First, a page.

SMOS scientific focus areas
Evaporation, inflitration and recharge of the groundwater usually occur through the unsatured vadose zone which is the hydrological connection between the surface water and the groundwater. The root zone of the vegetation, the zone where vegetation takes-up water, is within the vadose zone and is therefore the interface between the vegetation and the hydrological system. The amount of water available in the vegetation controls plant transpiration and photosynthesis and as such CO2 sequestration. It is also directly linked to the ability of the soil to produce drainage after rainfall. The soil-vegetation-atmosphere transfer (SVAT) schemes used in meteorology and hydrology are designed to describe the basic evaporation processes at the surface, together with the water partitioning between vegetation transpiration, drainage, surface runoff and soil moisture variations.
In operational simulations a realistic initial value of the amount of water in the vadose zone must be provided to SVAT models. Time series of surface soil moisture allow to determine by means of assimilation the amount of water available in the vadose zone and that of the surface fluxes (evapotranspiration). When dealing with bare soil or sparsely covered vegetation, evaporation rate and runoff can be calculated from surface soil moisture time series. When dealing with vegetation covered surfaces, the amount of water in the vegetation (vegetation optical depth) has to be accounted for. The vegetation optical depth itself may be a very useful product to monitor the vegetation dynamics.
Knowledge of the distribution of salt in the global ocean and its annual and inter-annual variability are crucial in understanding the role of the ocean in the climate system. Ocean circulation is mainly driven by the water and heat flux through the atmosphere-ocean interface, but salinity is also fundamental in determining ocean density and hence thermohaline circulation. Ocean salinity is also linked to the oceanic carbon cycle, as it plays a part in establishing the chemical equilibrium, which in turn regulates the CO2 uptake and release. Therefore the assimilation of sea surface salinity measurements into global ocean bio-geo-chemical models could improve estimates of the absorption of CO2 by the oceans.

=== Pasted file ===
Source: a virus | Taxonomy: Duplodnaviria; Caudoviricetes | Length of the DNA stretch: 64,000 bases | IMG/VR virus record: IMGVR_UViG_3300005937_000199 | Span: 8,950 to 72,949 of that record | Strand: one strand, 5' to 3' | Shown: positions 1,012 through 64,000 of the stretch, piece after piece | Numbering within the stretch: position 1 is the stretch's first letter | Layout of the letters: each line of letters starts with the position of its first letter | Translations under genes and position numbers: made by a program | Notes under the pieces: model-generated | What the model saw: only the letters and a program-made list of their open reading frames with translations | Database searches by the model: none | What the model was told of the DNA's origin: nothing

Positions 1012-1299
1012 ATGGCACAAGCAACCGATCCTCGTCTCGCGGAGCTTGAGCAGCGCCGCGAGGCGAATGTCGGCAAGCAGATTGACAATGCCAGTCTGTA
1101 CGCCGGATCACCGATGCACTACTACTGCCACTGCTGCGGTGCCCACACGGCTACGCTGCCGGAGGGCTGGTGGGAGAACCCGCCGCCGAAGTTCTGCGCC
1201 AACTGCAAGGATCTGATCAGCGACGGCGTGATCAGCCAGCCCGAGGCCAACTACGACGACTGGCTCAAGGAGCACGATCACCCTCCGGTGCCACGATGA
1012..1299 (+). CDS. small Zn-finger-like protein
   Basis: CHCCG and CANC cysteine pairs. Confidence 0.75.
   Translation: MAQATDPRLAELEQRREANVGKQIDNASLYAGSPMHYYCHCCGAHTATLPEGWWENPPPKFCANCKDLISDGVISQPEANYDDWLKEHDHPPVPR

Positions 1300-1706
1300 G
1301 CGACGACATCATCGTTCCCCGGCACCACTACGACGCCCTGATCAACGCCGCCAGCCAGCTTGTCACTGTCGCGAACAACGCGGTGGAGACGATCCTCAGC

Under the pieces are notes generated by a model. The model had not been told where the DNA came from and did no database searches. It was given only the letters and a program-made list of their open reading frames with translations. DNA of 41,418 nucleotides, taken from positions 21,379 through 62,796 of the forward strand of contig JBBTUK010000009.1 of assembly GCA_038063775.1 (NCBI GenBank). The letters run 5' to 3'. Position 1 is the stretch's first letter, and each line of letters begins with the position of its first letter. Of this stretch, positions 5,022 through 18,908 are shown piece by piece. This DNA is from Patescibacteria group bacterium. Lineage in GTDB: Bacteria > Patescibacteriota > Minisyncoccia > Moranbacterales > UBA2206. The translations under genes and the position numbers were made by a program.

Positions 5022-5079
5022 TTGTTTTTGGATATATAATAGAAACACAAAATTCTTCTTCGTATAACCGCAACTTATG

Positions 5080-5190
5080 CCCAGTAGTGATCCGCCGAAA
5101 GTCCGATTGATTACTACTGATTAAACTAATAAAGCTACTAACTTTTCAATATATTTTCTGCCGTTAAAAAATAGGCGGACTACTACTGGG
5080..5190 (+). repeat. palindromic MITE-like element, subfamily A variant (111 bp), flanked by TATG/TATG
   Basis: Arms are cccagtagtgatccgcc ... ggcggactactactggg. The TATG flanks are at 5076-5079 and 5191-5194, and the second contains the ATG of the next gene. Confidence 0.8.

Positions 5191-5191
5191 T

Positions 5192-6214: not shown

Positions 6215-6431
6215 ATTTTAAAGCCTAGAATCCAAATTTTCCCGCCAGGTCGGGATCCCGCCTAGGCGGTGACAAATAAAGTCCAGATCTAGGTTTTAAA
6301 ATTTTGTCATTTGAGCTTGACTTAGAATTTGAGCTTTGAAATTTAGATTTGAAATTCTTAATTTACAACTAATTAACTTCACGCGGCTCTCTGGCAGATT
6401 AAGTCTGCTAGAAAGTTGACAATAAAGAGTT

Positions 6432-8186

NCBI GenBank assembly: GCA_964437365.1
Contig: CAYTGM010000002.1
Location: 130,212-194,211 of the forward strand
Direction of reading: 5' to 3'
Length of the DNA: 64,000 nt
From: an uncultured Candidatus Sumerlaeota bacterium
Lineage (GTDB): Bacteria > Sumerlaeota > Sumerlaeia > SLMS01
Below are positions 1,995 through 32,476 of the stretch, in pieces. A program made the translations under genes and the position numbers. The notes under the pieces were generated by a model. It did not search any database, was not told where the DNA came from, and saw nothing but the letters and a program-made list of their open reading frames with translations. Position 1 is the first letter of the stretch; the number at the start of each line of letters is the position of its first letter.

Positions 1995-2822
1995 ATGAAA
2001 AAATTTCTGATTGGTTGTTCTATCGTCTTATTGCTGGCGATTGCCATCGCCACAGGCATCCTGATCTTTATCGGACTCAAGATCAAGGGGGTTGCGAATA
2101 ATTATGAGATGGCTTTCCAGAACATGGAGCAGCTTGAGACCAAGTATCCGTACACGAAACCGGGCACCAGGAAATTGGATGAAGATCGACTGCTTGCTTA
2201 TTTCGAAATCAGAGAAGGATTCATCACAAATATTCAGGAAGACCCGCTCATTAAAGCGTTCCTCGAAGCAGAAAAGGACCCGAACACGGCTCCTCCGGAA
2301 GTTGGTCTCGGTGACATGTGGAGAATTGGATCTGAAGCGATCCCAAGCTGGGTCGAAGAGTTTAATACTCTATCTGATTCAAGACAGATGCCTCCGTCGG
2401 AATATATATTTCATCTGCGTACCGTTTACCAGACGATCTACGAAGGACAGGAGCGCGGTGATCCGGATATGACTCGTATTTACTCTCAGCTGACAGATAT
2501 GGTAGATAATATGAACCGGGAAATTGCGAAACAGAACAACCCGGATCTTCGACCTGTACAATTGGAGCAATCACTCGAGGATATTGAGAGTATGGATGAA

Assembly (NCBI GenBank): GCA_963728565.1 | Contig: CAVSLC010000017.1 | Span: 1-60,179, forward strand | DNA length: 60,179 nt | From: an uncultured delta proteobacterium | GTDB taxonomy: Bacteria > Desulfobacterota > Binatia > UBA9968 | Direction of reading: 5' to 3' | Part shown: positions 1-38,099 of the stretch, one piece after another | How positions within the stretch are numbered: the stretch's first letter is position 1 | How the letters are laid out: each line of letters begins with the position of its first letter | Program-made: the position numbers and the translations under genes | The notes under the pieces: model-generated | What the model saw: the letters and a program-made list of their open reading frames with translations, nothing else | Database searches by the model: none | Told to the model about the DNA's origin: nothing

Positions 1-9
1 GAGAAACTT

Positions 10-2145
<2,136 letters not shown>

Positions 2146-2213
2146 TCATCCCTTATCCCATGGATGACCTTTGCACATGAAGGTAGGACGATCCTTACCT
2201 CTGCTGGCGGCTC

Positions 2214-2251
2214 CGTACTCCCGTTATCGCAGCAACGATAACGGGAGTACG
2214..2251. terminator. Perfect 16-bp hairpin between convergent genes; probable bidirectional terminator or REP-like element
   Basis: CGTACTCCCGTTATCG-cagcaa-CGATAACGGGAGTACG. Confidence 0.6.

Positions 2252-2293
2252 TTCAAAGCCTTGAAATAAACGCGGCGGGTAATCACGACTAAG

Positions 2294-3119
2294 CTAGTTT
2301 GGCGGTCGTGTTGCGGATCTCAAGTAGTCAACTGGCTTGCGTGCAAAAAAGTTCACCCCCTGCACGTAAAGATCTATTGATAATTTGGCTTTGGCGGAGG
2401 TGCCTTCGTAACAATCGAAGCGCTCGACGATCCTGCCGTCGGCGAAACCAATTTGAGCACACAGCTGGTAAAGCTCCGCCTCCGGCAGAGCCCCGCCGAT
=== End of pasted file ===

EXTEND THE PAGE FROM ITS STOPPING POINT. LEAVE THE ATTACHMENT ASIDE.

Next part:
Observations of ice caps provide a prediction tool for the greenhouse effect since the sea ice extent responds early to altered climatic conditions. Accurate predictions of sea level rise require improved knowledge of the processes controlling the accumulation upon the ice sheets. The scarcity of accumulation rate observations, both spatially and temporally, has hindered the furthering of this understanding. Snow covers about 40 million km² of land in the Northern hemisphere during the winter season. The accumulation and depletion of snow is dynamically coupled with global hydrological and climatological processes. It is also a sensible indicator for climate change as the position of the southern boundary snow cover in the Northern hemisphere is likely to move northwards as a result of a sustained climate warming.
Last update: 24 September 2012